Banners: Bholenath Movies, Cinekorn Entertainment
Producers: Bharat Patel, Kalapi Nagada
Director: Sanjay Chhel
Cast: Paresh Rawal, Rishi Kapoor, Vir Das, Payal Ghosh, Prem Chopra, Bharti Achrekar, Divya Sheth
Writer: Sanjay Chhel
Music: Lalit Pandit, Uttank Vora
So The timing couldn’t have been worse. Just when Hindi cinema is experimenting with inventive and progressive concepts, from women oriented films to dramas with a social message, we have a film that is regressive, amateurish and even a little cringe-worthy. Sanjay Chhel’s Patel Ki Punjabi Shaadi showed us a colourful trailer featuring many stalwarts, promising a potentially funfilled entertainer. But alas! What we see on the big screen is those award-winning legends trying to save a very weak script with an even weaker dialogue. The worst part is, it doesn’t work.
The story, written by Chhel himself, begins when Guggi Tandon (Rishi Kapoor) shifts to Mumbai with his obnoxiously loud Punjabi clan and moves into a Gujarati neighborhood, right opposite the very orthodox Hasmukh Patel (Paresh Rawal), who hates Punjabis. The difference in their lifestyles affects both sides.
In the middle of this, Guggi’s son Monty Tandon (Vir Das) and Patel’s daughter Pooja (Payal Ghosh) fall in love with each other. Monty takes the typical North Indian route and basically stalks Pooja, and, of course, she totally falls for it. But Pooja, a girl who is pacified by playing dandiya when her dreams of studying further are crushed, tells Monty that her father will not approve. Shocking, isn’t it!
The story then takes a turn to a very poor, Gujarati man’s version of Dilwale Dulhania Le Jayenge for a while, when Monty tries to impress Patel with his new ‘good boy’ image. He helps Patel prep to win a not-so-subtle rip-off game show of KBC, called KKC – Kiski Kismat Chamki (which apparently is a piece of cake). The film then predictably proceeds to how the love story and the rift between the two families leads to a long-drawn climax. Let’s focus on the good things first. Paresh Rawal and Rishi Kapoor obviously put on a strong performance in all the roles they play, especially when their characters are tailor-made for them as they are in this film. A special mention to Prem Chopra and Bharti Achrekar as they try to give us some laughs in the first half with their adorable flirty scene. As for the young couple in the film, one wishes they had half the zest as their elders do. The punch lines throughout the film are weak but still have some power thanks to the experienced actors who deliver them.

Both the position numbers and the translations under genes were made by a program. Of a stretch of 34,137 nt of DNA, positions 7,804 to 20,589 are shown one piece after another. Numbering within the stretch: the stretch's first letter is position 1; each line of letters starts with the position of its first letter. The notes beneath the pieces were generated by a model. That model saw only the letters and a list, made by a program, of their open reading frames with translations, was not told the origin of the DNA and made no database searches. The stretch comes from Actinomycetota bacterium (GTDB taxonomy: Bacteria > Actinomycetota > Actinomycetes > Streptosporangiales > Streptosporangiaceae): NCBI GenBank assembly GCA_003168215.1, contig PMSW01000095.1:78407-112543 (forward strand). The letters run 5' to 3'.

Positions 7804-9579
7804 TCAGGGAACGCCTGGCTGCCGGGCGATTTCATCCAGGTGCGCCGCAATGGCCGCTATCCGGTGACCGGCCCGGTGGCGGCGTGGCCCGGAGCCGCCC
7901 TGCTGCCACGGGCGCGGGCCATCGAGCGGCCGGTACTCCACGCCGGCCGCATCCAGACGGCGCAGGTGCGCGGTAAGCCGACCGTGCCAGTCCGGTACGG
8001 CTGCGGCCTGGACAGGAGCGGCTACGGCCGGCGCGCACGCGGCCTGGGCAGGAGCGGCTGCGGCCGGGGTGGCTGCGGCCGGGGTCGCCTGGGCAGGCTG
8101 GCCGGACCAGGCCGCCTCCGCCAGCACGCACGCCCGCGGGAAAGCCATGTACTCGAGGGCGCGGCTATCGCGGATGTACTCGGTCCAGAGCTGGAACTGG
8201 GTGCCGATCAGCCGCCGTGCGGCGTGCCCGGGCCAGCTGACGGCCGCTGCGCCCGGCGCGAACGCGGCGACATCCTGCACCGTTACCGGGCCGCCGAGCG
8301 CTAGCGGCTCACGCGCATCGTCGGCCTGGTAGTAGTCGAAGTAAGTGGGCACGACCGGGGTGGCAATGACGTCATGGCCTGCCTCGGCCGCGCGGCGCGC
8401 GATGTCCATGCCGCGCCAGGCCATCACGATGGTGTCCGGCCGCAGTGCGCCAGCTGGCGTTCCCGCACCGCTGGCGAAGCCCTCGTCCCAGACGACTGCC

Some Gujarati-Punjabi traits are funnily exploited, but the script often goes overboard. Like Paresh Rawal’s character as the rigid father is offensive in this modern day era, where he doesn’t even allow his daughter to go to college to get a degree. Why, he forbids her to leave her hair open and tells her that there are only three things important in a girl’s life: “Look, book and cook.” Rishi Kapoor’s role is not far from the stereotypical Punjabi, that is, the basic affinity for alcohol, chicken and girls.
There are several other flaws in the film like unwanted songs. There are too many continuity problems in the movie and it is jarring. This tends to alienate the audience.
Performance-wise, Paresh Rawal is good. Rishi Kapoor is fantastic and funny. Vir Das is just about okay. Newcomer Payal Ghosh needs to brush up her acting skills. Prem Chopra and Bharti Achrekar add many fun moments to the film. Divya Seth is decent. Shilpa Shinde’s item song fails to entertain. The others lend adequate support.